Child’s interests must come first in fostering

From: Brian Sheridan, Redmires Road, Sheffield.

I HAVE some sympathy for the Christian couple who lost their court battle over the rights of foster carers (Yorkshire Post, March 1).

They could have remained silent about their views on homosexuality: nor is there any reason to believe that they are not “prepared to love and accept any child”.

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Moreover, many children, happy and unhappy, have been raised by carers or parents who have never been questioned about their spirituality or attitude to sex.

However, it is disingenuous of Eunice and Owen Johns to suggest that they were being asked “to tell a small child that the practice of homosexuality was a good thing”. They have been asked nothing of the sort.

“Promotion” of homosexuality is a myth spread by anti-gay propagandists. Homosexuality and heterosexuality are neither good nor bad: they are a fact of life. I also wonder if the couple in question have been influenced by the message from ante-diluvian former Archbishop of Canterbury George Carey that individuals should unconditionally stand up for their rights to follow the scriptures.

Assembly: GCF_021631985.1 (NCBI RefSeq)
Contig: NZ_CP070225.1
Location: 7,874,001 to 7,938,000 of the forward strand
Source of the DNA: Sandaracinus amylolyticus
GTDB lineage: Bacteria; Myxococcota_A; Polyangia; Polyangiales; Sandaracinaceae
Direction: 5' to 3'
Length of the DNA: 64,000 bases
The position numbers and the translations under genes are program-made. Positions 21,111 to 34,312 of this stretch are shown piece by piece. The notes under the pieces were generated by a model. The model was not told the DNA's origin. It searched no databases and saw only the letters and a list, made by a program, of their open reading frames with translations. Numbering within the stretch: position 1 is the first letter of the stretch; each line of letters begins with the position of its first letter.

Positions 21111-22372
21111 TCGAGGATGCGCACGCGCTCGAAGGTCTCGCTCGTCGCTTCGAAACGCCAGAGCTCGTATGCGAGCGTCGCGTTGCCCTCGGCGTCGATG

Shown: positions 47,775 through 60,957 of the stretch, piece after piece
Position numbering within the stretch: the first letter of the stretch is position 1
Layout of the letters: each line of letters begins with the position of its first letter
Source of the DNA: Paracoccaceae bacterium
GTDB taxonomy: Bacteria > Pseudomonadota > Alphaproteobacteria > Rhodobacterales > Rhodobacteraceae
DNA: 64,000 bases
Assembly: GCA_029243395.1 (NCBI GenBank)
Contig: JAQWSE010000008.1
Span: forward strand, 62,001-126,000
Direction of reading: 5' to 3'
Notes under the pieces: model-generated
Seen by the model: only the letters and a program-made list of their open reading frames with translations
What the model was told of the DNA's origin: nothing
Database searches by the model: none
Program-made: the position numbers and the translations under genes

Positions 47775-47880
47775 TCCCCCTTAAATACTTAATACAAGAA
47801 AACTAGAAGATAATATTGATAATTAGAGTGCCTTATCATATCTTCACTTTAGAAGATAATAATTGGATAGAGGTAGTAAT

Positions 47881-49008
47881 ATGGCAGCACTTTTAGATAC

The law courts’ concern that a negative attitude to homosexuality could be harmful to a child within a Christian family is not without foundation. The child’s interests must be paramount. What if that child is homosexual? What if that child thinks that God doesn’t love him or her because of the way he or she feels? And who, when the term of foster care ends, will be left to pick up the pieces?

The most cogent remarks I have ever heard on parenting came from England cricketer Steven Davies, who knew from an early age that he was gay. He is grateful to his parents for their understanding. Many other gay youngsters, he testifies, have been less fortunate.